Archive for November 10th, 2012

Why can’t our ‘leaders’ speak like Obama?

10 November 2012

VIKRAM MUTHANNA writes: Barack is back, and what a victory speech he gave us!

I say ‘us’ because the speech had something for all of us, in India too.

Like many of us Indians, as I watched Barack Obama’s victory speech on Thursday morning, I was left feeling envious — envious of Americans for having elected for themselves such an inspiring leader as their President.

I was left asking, “Why can’t I have a Prime Minister like him? A Prime Minister who inspires me, makes me feel like I matter, arouses a renewed sense of patriotism even in this severely fractured democracy that is India?”

Just a few days before Obama’s victory speech, our Prime Minister and our future prime ministerial candidate also spoke at a Congress mega rally. What a disappointment it was. No one on the dais could connect with the people they were addressing.

Rahul Gandhi’s ‘screech’ was full of sound and fury, at one point it seemed like he might collapse under his own vocal ferocity. But in spite of all the sound, in the end he shed very little light on any issue.

Instead, he showed us how dim he sometimes can be when he compared support for Kargil war to FDI! Neither did he inspire nor did he inform.

The only good thing about his speech was its timing. It was short.

Then our Prime Minister spoke. The content was repetitive, and like all his speeches, uninspiring. At best it could have inspired a few ventriloquists. Probably Robocop would have done a better job of connecting emotionally to us than our PM.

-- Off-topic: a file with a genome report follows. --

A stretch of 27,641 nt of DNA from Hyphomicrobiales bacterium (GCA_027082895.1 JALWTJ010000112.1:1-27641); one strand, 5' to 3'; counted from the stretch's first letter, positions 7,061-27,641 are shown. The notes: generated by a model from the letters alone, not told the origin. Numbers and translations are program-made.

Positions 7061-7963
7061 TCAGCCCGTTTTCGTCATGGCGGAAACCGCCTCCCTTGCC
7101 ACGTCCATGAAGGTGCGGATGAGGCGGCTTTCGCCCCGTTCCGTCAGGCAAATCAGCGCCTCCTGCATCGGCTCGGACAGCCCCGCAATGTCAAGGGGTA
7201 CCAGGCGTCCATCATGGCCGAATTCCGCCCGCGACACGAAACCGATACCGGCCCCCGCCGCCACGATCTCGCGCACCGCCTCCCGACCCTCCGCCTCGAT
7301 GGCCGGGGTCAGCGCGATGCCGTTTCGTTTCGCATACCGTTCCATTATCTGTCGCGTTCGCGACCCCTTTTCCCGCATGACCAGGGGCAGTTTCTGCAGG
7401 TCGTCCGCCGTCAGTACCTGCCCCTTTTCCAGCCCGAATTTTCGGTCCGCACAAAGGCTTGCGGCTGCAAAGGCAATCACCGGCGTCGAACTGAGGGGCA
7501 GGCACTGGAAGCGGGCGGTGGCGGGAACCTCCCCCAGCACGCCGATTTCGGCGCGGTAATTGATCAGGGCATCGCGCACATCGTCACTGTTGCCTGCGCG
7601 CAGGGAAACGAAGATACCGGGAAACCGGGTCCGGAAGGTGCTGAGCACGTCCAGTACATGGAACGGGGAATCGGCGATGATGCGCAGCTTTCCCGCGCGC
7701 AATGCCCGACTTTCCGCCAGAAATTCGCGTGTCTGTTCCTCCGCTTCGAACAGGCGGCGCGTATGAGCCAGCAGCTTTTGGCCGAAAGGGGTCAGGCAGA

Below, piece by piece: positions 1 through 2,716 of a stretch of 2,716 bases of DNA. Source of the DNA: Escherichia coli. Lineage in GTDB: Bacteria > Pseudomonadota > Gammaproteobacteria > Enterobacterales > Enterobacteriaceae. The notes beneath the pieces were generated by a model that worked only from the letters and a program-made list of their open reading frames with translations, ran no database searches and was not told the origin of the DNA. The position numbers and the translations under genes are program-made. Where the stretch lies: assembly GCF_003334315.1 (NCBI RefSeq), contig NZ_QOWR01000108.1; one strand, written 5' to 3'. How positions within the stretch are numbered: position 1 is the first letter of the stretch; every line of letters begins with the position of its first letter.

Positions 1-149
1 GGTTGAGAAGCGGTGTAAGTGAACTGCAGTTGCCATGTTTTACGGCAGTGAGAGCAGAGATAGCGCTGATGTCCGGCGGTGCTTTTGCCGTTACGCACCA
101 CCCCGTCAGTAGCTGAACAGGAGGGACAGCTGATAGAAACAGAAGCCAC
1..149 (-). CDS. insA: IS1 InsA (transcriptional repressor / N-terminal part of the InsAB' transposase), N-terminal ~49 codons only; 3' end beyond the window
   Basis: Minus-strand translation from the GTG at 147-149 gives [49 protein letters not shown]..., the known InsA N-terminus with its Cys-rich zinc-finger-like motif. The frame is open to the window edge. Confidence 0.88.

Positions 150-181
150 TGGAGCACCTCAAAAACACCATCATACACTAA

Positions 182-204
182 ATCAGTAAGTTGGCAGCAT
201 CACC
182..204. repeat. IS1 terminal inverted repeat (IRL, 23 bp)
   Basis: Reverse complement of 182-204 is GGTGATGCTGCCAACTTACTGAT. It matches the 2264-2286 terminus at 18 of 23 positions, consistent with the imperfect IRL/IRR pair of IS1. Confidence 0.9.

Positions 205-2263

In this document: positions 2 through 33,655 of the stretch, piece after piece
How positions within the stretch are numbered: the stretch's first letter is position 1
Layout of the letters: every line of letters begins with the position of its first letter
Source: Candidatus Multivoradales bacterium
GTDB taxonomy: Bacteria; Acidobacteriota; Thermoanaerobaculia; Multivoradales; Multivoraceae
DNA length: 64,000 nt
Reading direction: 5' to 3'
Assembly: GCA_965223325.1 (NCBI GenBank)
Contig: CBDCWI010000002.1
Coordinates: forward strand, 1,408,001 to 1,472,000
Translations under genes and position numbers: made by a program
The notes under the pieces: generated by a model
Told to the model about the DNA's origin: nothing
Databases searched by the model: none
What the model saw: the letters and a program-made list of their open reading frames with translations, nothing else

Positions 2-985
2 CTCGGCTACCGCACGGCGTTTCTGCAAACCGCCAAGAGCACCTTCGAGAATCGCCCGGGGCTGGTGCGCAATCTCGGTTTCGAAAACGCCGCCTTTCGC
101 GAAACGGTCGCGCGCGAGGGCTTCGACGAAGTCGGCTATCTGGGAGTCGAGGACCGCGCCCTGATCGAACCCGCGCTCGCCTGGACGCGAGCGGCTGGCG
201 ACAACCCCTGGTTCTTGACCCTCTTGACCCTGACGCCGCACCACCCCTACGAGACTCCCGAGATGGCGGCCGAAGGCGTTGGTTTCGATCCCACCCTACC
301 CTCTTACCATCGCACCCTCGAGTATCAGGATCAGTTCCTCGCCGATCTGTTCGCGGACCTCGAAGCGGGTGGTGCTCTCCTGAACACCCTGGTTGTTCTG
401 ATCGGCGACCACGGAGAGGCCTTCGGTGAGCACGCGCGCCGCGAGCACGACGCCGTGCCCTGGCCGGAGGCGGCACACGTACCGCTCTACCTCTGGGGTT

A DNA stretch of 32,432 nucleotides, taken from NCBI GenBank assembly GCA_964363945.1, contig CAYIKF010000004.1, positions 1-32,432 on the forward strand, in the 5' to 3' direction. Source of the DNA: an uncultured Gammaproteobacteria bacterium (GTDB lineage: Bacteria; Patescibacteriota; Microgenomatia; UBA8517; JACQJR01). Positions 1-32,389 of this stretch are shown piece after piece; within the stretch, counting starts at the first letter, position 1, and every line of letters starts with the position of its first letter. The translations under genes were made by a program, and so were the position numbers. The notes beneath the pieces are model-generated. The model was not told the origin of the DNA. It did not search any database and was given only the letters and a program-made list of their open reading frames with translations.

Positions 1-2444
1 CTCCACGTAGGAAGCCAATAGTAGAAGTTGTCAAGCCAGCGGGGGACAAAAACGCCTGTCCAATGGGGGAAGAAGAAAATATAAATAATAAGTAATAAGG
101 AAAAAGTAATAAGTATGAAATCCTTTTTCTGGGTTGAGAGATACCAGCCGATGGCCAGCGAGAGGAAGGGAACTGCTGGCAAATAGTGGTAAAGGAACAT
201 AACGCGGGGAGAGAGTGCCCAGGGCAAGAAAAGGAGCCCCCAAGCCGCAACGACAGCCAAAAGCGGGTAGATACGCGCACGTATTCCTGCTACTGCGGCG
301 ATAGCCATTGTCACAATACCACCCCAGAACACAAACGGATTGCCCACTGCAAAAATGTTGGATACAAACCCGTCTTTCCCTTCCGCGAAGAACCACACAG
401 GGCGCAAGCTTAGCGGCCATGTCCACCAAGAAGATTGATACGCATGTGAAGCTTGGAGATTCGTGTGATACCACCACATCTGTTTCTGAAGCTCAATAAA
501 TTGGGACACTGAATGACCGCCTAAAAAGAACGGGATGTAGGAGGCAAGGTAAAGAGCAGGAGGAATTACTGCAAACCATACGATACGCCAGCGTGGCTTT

It is unfortunate. What use is intellect, if it can neither save us nor give us hope or produce words that will inspire us?

More importantly, what most of us would have noticed during the American presidential elections is the role of the family. We Indians never tire of saying that Americans are very detached from their families and add how we are such a family-oriented culture.

But every US President is judged by his family life. Every US President brings up his family in his speech, and never fails to mention the family values they imbibed in their formative years.

On the victory night, Obama and Vice-President Joe Biden both had their families on stage.

In fact, Obama said:

“and I wouldn’t be the man I am today without the woman who agreed to marry me 20 years ago. Let me say this publicly. Michelle, I have never loved you more.”

Then he acknowledged his children saying:

“You’re growing up to become two strong, smart, beautiful young women, just like your mom. And I am so proud of you.”

In fact, not only did Obama thank his family, he also thanked and praised his opponent Mitt Romney’s family when he said:

“The Romney family has chosen to give back to America through public service. And that is a legacy that we honour and applaud tonight.”

Now we have to ask, for a people who claim to be so much more ‘family-oriented,’ how many of our leaders have ever brought their family to the public fore to feel one with the people?

How many of our leaders have thanked their wives for their success (may be they don’t want to create ripples by picking one over the other)?

How many politicians have thanked their children for tolerating their absence?

None.

Even if they do, it is a display to garner sympathy and not family values.

Every Indian politician’s family life is shrouded in secrecy and when their children join them in politics, it is for personal gain, or when they have learnt the dirty tricks of the trade. Or even worse their names surface only when their illegal property is unearthed or a back door deal is exposed.

So political families get involved to stay in power and loot together. It makes us wonder, is there any true patriot among Indian politicians? It seems more likely that they love this country like one would love their goose that lays golden eggs, that’s all.

While we were in envy, Obama’s speech also made us feel miserable, because he made us think about our own nation when he said: